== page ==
Struggling artists complain that the art world is more about who you know than what you do. In “Brief Encounters: An Expanding Group Exhibition,” the Caren Golden Fine Art gallery playfully mocks—and exploits—the notion of networking by asking current gallery artists to invite their friends to show at the gallery. What started with four artists represented by Caren Golden and two invited ones expanded into a 31-participant show, and each artist was asked to consider their list of invitees as their personal “generations of successors.” The chain starting with Jean Blackburn, whose “Pottery Barn” pokes fun at cozy design aesthetics, evolved into an electrifyingly colorful Bauhaus-inspired oil-on-canvas distillation of the look she plays with. Just as family trees trace hereditary traits, “Brief Encounters” is as much a portrait of each Caren Golden artist as it is a show curated by the gallery’s roster, and it demonstrates how you’re never more than six degrees apart in New York’s intimate art community.
From Theda Bara’s surprisingly scanty garb in 1917′s “Cleopatra” to the pastel-colored silks Kirsten Dunst wore in “Marie Antoinette,” costume design is central to telling a film’s story. In “Dressed: A Century of Hollywood Costume Design” (Harper Collins), Deborah Nadoolman Landis, the Academy Award-nominated costume designer who put Harrison Ford in a fedora and brown leather jacket for his turn as Indiana Jones, covers all the big clothes films (“The Women,” “Gone With the Wind,” the Wes Anderson oeuvre) and throws in some fitting-room tidbits for good measure. Marilyn Monroe, for example, had only one rule when it came to what she wore on screen: “It had to show a little something.” Hey, it worked.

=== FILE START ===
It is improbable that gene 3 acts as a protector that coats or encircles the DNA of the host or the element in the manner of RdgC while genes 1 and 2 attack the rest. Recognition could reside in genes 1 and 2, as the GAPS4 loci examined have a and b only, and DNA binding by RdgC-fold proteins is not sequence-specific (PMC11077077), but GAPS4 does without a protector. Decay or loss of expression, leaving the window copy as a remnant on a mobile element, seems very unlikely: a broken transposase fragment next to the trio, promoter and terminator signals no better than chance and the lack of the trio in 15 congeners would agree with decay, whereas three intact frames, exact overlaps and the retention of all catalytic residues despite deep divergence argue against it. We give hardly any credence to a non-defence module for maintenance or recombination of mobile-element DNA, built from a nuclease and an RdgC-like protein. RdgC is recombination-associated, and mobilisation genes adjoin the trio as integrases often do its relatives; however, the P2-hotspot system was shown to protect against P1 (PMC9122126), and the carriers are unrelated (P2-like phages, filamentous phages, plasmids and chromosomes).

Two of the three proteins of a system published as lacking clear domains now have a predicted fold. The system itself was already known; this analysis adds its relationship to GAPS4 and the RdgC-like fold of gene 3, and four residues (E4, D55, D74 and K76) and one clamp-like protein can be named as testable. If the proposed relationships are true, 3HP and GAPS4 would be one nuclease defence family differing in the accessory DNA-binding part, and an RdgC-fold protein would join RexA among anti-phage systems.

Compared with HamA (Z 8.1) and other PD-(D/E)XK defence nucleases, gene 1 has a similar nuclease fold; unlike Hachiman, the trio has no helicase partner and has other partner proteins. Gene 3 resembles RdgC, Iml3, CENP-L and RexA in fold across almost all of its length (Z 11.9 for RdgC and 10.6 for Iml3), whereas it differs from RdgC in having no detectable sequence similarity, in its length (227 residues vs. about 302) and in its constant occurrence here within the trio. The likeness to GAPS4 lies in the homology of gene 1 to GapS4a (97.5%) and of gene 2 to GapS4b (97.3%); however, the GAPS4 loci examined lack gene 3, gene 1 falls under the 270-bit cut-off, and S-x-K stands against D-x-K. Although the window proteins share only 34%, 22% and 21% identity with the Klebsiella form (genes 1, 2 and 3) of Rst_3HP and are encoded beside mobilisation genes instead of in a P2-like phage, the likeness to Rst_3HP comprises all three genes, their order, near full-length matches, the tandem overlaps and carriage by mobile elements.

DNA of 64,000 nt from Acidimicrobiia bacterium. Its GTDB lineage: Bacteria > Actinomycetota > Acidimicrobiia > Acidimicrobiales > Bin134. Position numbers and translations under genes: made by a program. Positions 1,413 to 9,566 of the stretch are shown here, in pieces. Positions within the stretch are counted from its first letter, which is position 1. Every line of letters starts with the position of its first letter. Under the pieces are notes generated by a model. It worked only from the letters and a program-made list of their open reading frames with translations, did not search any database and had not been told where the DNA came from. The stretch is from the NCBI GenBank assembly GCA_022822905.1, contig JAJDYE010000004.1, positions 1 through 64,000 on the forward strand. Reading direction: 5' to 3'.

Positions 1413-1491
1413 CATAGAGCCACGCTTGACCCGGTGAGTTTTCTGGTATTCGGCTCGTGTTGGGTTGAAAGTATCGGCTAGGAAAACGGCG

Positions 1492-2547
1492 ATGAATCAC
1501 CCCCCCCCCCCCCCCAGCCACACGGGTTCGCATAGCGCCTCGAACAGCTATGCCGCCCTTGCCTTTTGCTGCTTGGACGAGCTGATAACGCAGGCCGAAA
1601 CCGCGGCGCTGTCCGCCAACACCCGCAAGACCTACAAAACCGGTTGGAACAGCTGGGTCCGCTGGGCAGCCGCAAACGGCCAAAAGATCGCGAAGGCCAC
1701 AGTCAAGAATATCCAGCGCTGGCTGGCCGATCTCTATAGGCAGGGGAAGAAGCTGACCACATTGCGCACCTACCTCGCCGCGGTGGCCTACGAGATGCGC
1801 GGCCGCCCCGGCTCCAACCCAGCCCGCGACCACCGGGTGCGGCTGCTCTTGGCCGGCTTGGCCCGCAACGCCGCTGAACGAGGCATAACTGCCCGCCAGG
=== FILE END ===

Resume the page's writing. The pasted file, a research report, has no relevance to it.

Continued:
Intellectualism as glamour is the message of Peter Hujar’s sexy 1975 portrait of Susan Sontag lying on the floor in a tight, ribbed turtleneck, contemplating indisputably important matters with her arms tucked under her head. The first U.K. retrospective of Hujar’s work, which opens today at London’s ICA, includes his mostly black-and-white portraits of New York’s avant-garde stars and nudes, and the gritty, glittering street life of Manhattan in the seventies and eighties. Hujar, who died from complications from AIDS in 1987, began his career as a fashion photographer and became the star chronicler of the city’s underground with era-defining portraits such as “Candy Darling on Her Deathbed.” His images of Sontag, David Wojnarowicz, and Divine are all on display at the ICA, but Hujar’s body of work transcended particular individuals. Rather, it was an extended, loving portrait of New York at a time when, as the gallery reminds us, “the city was financially impoverished but artistically rich.”